Caleb Cain Marcus: A Portrait of Ice

By Peggy Roalf   Monday December 17, 2012

Silence, solitude, vast expanses of forbidding terrain, with no evident human scale. This is the quality of glacial masses, frozen landscapes at Earth’s poles and in between. Caleb Cain Marcus, a photographer living in New York City, became enchanted by the Perito Moreno glacier of Patagonia, in 2010. He spent the next two years traveling the globe to make the images that comprise A Portrait of Ice (Damiani 2012). He writes,

The ice screws chime against my harness as I walk, their song as enchanting as the deep blue beckoning me to the bottom of the crevasse like the Greek sirens. Carefully I place one foot in front of the other, like walking on a tightrope that ends in nothingness. A sheer drop-off on three sides with the sky overhead, I am perched on one foot walking to step across the void from a fin of ice onto a column of ice. I take the step and for a moment my body is the bridge between two towers of ice. I feel the sirens call, my body bending down toward their depths with fascination. Somehow I am able to resist. I look back at the iridescent blue, the whisper still in my ear, and I wonder when it will be my time.


Perito Moreno, Plate III, Patagonia, © Caleb Cain Marcus

Marcus photographed peaks, ridges, valleys, pinnacles, and plains formed in ice since the beginning of time from a high vantage point—which serves to enhance the lack of human scale in places devoid of things we can measure—trees, for example. Instead, he captures the elemental qualities of each glacier, and the pointillistic coloration beyond the bluish-charcoal tint common to ice that is caused by biological flotsam and jetsam such as pollen, dust, and other matter embedded in the ice. The effect he has achieved is to evoke a planetary time scale along the 4th dimension.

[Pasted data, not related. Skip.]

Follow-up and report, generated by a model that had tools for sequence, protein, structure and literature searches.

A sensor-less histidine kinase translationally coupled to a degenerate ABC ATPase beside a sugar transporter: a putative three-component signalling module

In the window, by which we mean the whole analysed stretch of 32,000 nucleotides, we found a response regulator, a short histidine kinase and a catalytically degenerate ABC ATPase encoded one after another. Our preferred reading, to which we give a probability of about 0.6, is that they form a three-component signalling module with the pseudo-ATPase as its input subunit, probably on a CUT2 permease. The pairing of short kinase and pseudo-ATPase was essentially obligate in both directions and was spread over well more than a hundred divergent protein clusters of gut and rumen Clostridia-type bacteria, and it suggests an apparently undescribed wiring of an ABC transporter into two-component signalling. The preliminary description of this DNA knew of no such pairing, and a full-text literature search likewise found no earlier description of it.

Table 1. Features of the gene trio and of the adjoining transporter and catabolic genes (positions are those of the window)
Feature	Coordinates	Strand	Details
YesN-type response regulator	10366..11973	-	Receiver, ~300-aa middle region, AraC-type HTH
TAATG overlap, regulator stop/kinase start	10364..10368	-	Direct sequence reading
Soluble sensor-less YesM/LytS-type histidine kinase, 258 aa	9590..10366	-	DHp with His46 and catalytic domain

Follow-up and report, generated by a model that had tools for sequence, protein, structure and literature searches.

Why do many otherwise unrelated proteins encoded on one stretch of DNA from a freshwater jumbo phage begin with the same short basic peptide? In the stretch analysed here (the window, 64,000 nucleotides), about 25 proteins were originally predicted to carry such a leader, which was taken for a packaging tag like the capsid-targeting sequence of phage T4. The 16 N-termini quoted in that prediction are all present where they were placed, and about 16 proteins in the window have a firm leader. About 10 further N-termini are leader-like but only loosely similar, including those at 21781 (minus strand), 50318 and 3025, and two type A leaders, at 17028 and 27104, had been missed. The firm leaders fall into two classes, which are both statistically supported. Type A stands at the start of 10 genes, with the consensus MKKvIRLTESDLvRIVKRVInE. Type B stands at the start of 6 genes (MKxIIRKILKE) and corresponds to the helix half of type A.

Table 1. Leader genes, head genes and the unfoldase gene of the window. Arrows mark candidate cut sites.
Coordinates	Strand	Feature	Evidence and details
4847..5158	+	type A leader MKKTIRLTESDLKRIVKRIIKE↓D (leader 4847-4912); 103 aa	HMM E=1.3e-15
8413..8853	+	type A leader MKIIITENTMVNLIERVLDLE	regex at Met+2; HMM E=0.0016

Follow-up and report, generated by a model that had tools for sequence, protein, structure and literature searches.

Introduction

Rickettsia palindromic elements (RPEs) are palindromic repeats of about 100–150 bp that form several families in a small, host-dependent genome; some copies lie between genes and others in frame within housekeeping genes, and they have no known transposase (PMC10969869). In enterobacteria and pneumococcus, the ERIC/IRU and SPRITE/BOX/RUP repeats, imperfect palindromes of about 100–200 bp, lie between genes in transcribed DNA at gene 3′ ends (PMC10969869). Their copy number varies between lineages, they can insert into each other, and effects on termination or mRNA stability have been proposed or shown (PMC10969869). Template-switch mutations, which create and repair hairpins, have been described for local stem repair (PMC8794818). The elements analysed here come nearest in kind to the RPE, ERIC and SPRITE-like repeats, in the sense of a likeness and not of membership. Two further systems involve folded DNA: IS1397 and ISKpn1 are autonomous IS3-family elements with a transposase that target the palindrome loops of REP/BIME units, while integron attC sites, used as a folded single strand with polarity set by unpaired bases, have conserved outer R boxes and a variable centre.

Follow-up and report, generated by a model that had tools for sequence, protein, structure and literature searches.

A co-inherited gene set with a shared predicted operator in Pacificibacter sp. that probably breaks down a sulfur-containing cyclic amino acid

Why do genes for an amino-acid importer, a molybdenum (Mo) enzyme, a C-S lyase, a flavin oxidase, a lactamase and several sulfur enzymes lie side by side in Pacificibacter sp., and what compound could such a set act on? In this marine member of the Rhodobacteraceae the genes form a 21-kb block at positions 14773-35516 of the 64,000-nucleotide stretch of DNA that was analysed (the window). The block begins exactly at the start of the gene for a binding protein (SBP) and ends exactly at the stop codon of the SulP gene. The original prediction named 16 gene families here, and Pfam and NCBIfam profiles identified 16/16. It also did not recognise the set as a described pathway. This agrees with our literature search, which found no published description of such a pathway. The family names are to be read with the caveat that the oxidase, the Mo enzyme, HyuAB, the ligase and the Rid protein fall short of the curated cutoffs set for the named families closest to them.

In his Introduction, Marvin Heiferman writes, Rather than grand panoramic sweeps of geography, the majority of these images are, surprisingly, vertical. And in them, softly focused expanses of sky appear to be strangely heavy, to compress the landforms into the lower portions of the frame. Instead of picturing monumental walls of ice that advance over and disrupt what lies beneath, or icebergs that break away from glaciers to float majestically, if threateningly, at sea, these photographs suggest that glaciers cover the earth’s surface lightly, like a sheet, rather than bearing down upon it. The jagged rocks, ridges and pinnacles that poke through the frigid surfaces don’t register as being particularly dangerous, but more like the eccentrically rendered landforms you might soar over in a dream or in the elegant flight-simulation of a video game.

The book also includes a text by Professor Robin E. Bell of the Lamont-Doherty Earth Observatory of Columbia University that place glaciation within the perspective of human engagement with ice. In addition, Marcus’s Expedition and Glacier Notes shed light on his personal engagement with the terrain along with facts and folklore about these icy masses. View the images in A Portrait of Ice.



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